To drywall a room, you start with the ceilings and floors before the walls. I wanted to do the ceiling before the floor. Practically, I was worried that if we did the floor first, we might damage it while working on the ceiling. Emotionally, I like to get the hardest part of any project over with first.
And our ceiling was going to be hard. It's vaulted. There's a skylight and an unusual type of chandelier mount. And like everything else in our century-plus-old house, all the angles and joints are slightly and oddly off-kilter.
We tackled this project over Memorial Day weekend. And let me just tell you now, we really needed that extra day.
To even get started, we had to get the moisture-resistant (read: extra heavy) drywall from our carport all the way up to the second floor. And have I mentioned that the carport is up a hill from the house? And that we have 18 sheets of drywall?
I helped Brett get one sheet all the way upstairs, then promptly collapsed and had to take a nap. Miraculously, we were rescued by a friend with significantly more impressive muscle tone. (THANK YOU, MICHAEL! I owe you cookies, or whatever people without my flabby arms like to eat.)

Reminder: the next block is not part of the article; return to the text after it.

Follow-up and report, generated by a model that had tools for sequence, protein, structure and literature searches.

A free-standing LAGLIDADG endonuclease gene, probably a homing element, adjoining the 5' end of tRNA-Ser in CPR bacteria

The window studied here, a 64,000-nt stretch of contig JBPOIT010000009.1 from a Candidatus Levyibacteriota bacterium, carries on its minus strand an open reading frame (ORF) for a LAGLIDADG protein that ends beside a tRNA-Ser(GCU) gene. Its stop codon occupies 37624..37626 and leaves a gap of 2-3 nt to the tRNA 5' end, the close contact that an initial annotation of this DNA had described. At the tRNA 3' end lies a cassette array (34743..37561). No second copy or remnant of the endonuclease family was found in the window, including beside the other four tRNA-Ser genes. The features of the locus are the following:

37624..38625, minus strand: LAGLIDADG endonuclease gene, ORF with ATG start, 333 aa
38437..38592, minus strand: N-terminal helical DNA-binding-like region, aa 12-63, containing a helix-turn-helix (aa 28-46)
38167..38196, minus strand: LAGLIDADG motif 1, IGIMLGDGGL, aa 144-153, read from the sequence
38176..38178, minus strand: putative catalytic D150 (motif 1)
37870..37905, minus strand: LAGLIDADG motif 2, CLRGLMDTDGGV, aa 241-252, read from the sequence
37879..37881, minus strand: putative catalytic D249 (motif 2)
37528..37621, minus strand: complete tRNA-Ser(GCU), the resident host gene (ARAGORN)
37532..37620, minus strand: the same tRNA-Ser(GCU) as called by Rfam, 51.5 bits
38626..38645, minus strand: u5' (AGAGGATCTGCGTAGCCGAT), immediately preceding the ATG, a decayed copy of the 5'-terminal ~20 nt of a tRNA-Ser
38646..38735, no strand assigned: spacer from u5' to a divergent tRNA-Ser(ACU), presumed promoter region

Yet somehow, I assumed I'd be perfectly capable of holding these same pieces of drywall over my head, on an angle, for extended periods of time, with one hand, while screwing them into place. I've decided to chalk this up to my charming optimism rather than to total idiocy.
After measuring and cutting the first piece of drywall, it became clear very quickly that this was not going to work. We couldn't find anyone to help out on short notice. So we went to bed on Saturday behind on our work and feeling pretty crabby.
First thing Sunday morning, we called up Home Depot and rented a drywall lift.
I'd never seen a drywall lift before, but Brett has used them. It's a winch on wheels that lifts the drywall up, and then just holds it in place while you work. The one we rented was lightweight enough (about 100 lbs, and disassembled into 5 pieces) for us to get it upstairs easily, and it took less than five minutes to put it all together. So simple, but an absolute game-changer.
I won't say the rest of the project was completely without incident - we did still have to do a lot of recalculating as we found crooked areas or had to work around an obstacle, and in one particularly dramatic moment a piece of drywall fell on my head - but it went from impossible to about normal for us.
One particularly interesting part was how we worked around the skylight. I assumed we'd cut small pieces and frame around it. But instead, we put a solid sheet over that whole area of the ceiling and covered the skylight entirely. Then Brett went back in with a rotozip and cut out the opening. No seams. Slick!
Now, let the flooring begin...